KYIV, Ukraine — A day after Russian President Vladimir Putin praised Donald Trump as a “very outstanding man, unquestionably talented,” the Republican presidential candidate seemed pleased.
“When people call you brilliant it's always good, especially when the person heads up Russia,” Trump said on MSNBC Friday morning. He also applauded Putin as “a leader, unlike, you know, what we have in this country.”
But not so fast: The Donald might want to curb his excitement about Putin’s flattering words.
Russia’s leader is much more calculating than he lets on, experts say, and is probably not as enamored with Trump as it seems.
Matthew Rojansky, director of the Kennan Institute think tank in Washington, DC, believes Putin is really just signaling to the American leadership that he’s paying close attention to the 2016 US election race.
“This is Putin’s way of using the Trump opportunity to send messages to the current president and other potential candidates,” Rojansky told GlobalPost. He added that Putin knows that the billionaire tycoon is the only candidate who hasn’t criticized Russia for its meddling in Ukraine and Syria.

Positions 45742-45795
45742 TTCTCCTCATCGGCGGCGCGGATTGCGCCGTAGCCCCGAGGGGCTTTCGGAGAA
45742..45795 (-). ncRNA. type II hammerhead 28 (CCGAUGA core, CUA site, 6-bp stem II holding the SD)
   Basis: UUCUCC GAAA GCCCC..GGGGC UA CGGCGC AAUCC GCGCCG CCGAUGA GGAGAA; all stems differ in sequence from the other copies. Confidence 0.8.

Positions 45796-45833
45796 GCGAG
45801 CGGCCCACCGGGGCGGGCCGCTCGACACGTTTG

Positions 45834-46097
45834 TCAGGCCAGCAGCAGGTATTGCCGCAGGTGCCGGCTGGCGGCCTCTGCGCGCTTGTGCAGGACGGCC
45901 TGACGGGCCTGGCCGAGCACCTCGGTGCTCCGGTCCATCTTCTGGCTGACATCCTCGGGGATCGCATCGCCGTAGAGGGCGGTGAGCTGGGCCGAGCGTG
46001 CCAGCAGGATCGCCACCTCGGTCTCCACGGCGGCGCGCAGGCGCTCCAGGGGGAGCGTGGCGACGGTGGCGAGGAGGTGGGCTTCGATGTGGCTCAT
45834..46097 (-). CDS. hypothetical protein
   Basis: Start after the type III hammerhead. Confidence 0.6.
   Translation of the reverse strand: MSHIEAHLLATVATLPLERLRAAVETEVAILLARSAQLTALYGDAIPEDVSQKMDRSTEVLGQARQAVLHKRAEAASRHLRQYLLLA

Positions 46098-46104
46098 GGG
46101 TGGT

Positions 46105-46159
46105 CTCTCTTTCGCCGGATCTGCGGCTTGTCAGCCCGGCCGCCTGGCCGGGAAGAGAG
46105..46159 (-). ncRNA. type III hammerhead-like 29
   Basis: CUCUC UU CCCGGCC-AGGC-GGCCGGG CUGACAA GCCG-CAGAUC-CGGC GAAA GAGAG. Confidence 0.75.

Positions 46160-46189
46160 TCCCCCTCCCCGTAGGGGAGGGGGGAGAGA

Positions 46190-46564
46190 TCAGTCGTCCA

But what if Trump actually becomes president, and the two outsize men meet as diplomatic partners?
As far as most Russians are concerned, they’d appreciate an American leader who isn’t too critical of the Kremlin. President Barack Obama's administration has criticized the government and hit Russia with economic sanctions since it annexed Crimea from Ukraine last year. But Trump complains America’s gotten overly involved. He even once said Crimea is “Europe’s problem.”
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But some Russian commentators are more wary of the rich real estate mogul.
A recent column in a prominent nationalist journal pointed to Trump’s campaign slogan — “Make America Great Again!” — and argued the billionaire would become a shrewd defender of American interests.
“In a word, revanchism,” it said.
However, Rojansky says that in case Trump were elected, Putin might apply his well-honed skill of reading his partners and exploiting their weaknesses. That would mean massaging The Donald’s ego by playing nice and living up to the tycoon’s claims that he’d work well with Putin to patch things up.
“He’s going to allow Trump to do that, and in the process of that he’s going to get a lot of what he wants,” Rojansky said. “Which is probably, at a minimum, coming back into the normal fold of international leaders and not having to pay a very big price for Ukraine and Crimea.”
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